More Details Emerge About Amazon’s Proposed Palm Payments Scheme

Biometrics News - More Details Emerge About Amazon's Proposed Palm Payments Scheme

Amazon is reportedly trying to develop checkout terminals that would allow customers to use a palm scan to pay for goods and services at physical establishments. The tech giant has been collaborating with Mastercard and Visa – in addition to card issuers like JP Morgan Chase, Wells Fargo, and Synchrony – to ensure the security and utility of the platform.

The proposed terminals would theoretically be able to facilitate payments and enroll new customers in the program. To do so, customers would first need to insert a physical debit or credit card, and then scan their palm to link the card to the image. After that, the customer would no longer need to use a card or phone, and would be able to pay with only their palm on subsequent visits.

However, it is worth noting that the technical details have not yet been finalized. It is not yet clear how the system would handle users with multiple cards, or deal with someone trying to register a card that has been stolen.

The latest report lends credence to a previous report that suggested that Amazon was hoping to trial a hand-based naked payments scheme at its Whole Foods locations, though the follow-up makes it quite clear that Amazon’s ambitions go well beyond its own chain. The report indicates that the company would like to place the terminals inside brick-and-mortar stores, but acknowledges that there has been some pushback from physical retailers who are wary about boosting the awareness of an online competitor.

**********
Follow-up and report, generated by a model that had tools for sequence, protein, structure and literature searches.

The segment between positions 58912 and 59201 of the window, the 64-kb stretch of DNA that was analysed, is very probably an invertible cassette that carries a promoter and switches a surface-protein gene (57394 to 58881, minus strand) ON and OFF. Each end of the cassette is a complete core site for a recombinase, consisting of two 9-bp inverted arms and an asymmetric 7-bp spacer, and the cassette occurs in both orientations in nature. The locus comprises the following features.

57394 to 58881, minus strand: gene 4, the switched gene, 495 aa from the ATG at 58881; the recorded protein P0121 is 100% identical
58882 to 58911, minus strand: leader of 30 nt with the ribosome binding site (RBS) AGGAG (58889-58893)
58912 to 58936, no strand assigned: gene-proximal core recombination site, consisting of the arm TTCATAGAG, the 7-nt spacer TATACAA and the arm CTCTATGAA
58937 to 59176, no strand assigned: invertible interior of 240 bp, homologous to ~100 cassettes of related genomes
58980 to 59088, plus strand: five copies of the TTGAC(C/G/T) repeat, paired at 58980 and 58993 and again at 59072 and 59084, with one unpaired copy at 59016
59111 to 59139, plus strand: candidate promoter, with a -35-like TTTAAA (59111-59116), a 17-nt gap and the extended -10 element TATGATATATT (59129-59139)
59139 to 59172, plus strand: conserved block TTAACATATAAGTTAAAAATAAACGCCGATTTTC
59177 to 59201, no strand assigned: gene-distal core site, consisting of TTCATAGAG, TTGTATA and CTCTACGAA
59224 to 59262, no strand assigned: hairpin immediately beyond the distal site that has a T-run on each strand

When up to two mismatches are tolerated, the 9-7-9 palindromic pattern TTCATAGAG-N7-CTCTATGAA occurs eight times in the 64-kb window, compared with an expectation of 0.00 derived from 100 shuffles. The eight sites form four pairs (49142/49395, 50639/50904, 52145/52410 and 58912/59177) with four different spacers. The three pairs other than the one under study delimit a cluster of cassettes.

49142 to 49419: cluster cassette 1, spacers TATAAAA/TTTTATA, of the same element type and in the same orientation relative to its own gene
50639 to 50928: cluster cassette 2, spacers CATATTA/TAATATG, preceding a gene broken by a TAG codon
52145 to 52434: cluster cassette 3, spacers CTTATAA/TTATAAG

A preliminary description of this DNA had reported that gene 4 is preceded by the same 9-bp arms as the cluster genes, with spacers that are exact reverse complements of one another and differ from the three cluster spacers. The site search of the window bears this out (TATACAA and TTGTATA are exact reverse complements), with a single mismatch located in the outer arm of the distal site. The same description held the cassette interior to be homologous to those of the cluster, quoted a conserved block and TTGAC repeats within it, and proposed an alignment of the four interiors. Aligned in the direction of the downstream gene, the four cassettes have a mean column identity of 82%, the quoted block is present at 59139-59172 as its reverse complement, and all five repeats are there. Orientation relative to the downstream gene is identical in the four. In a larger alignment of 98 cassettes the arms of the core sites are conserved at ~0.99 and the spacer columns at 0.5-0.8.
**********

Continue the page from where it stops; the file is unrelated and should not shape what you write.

That’s probably why Amazon is currently focusing its efforts on neighborhood establishments like coffee shops and fast-food restaurants, which have less overlap with Amazon’s offerings. The terminals would give Amazon access to more data about people’s shopping habits, which could raise privacy concerns given Amazon’s contentious use of facial recognition.

Sources: The Wall Street Journal, Bloomberg

January 21, 2020 – by Eric Weiss